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feeble

[fee-buh l] /ˈfi bəl/
adjective, feebler, feeblest.
1.
physically weak, as from age or sickness; frail.
2.
weak intellectually or morally:
a feeble mind.
3.
lacking in volume, loudness, brightness, distinctness, etc.:
a feeble voice; feeble light.
4.
lacking in force, strength, or effectiveness:
feeble resistance; feeble arguments.
Origin
1125-1175
1125-75; Middle English feble < Old French, variant of fleible (by dissimilation) < Latin flēbilis lamentable, equivalent to flē(re) to weep + -bilis -ble
Related forms
feebleness, noun
feeblish, adjective
feebly, adverb
nonfeeble, adjective
nonfeebleness, noun
nonfeebly, adverb
unfeeble, adjective
unfeebleness, noun
unfeebly, adverb
Synonyms
1. See weak.
Dictionary.com Unabridged
Based on the Random House Dictionary, © Random House, Inc. 2014.
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Examples from the web for feeble
  • My ability is feeble, but my responsibilities are great.
  • Nay, much more those members of the body which seem to be more feeble.
  • Next to that consummation, a cake on a rake is a pretty feeble entertainment.
  • If you are appreciated as a research star, people will talk up your teaching and admin no matter how feeble.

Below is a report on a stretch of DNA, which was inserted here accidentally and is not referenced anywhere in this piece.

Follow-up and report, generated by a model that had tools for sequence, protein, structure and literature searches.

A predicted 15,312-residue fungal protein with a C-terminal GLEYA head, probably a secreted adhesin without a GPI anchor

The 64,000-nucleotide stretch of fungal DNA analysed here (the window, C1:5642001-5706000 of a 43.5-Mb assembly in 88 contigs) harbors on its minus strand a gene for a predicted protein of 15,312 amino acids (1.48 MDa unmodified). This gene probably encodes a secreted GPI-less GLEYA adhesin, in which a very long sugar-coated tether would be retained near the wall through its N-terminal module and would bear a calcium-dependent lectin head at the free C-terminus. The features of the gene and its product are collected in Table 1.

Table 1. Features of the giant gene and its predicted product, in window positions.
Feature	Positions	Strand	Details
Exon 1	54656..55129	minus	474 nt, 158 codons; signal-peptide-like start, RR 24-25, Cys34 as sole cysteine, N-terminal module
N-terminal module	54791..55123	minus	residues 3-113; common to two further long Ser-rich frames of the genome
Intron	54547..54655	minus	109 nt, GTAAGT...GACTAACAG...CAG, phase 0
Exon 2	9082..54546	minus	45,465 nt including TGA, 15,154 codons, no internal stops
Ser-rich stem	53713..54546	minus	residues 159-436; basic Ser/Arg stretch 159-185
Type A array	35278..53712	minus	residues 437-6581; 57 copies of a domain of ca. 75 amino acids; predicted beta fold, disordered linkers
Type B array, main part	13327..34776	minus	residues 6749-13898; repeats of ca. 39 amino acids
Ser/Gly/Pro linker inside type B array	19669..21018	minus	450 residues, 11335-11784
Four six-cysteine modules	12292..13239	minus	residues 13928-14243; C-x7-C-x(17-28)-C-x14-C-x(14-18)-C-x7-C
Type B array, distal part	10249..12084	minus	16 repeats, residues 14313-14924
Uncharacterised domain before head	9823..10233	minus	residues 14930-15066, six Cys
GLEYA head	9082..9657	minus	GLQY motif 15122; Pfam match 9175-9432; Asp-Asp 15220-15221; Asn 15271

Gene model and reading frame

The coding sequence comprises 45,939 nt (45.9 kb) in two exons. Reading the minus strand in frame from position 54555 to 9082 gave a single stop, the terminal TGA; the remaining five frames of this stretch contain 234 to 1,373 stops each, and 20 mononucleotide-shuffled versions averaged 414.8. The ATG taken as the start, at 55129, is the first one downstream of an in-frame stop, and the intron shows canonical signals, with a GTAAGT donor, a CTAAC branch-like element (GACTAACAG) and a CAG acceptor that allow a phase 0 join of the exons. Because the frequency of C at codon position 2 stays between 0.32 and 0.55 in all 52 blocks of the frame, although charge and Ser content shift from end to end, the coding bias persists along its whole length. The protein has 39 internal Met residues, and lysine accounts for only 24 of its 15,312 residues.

• So here is my feeble effort at some kind of recognition.
  • The timetables should be regarded as feeble attempts at humour written by overworked bureaucratic underlings.
  • No more feeble beams that don't work outside, or over-sensitive sensors that record random hits.
  • The stereo speakers along the bottom edge are feeble.
  • In fact, electric motors produce lots of torque, so even those with feeble horsepower can be quick off the line.
  • You've done us and our kids a fine service by exposing his feeble, reactionary comments to the cold light of reality.
British Dictionary definitions for feeble

feeble

/ˈfiːbəl/
adjective
1.
lacking in physical or mental strength; frail; weak
2.
inadequate; unconvincing: feeble excuses
3.
easily influenced or indecisive
Derived Forms
feebleness, noun
feebly, adverb
Word Origin
C12: from Old French feble, fleible, from Latin flēbilis to be lamented, from flēre to weep
Collins English Dictionary - Complete & Unabridged 2012 Digital Edition
© William Collins Sons & Co. Ltd. 1979, 1986 © HarperCollins
Publishers 1998, 2000, 2003, 2005, 2006, 2007, 2009, 2012
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Word Origin and History for feeble
adj.

late 12c., from Old French feble (12c., Modern French faible) "weak, feeble," from Latin flebilis "lamentable," literally "that is to be wept over," from flere "weep, cry, shed tears, lament," from PIE *bhle- "to howl" (cf. bleat). The first -l- was dropped in Old French by dissimilation. The noun meaning "feeble person" is recorded from mid-14c.

Online Etymology Dictionary, © 2010 Douglas Harper
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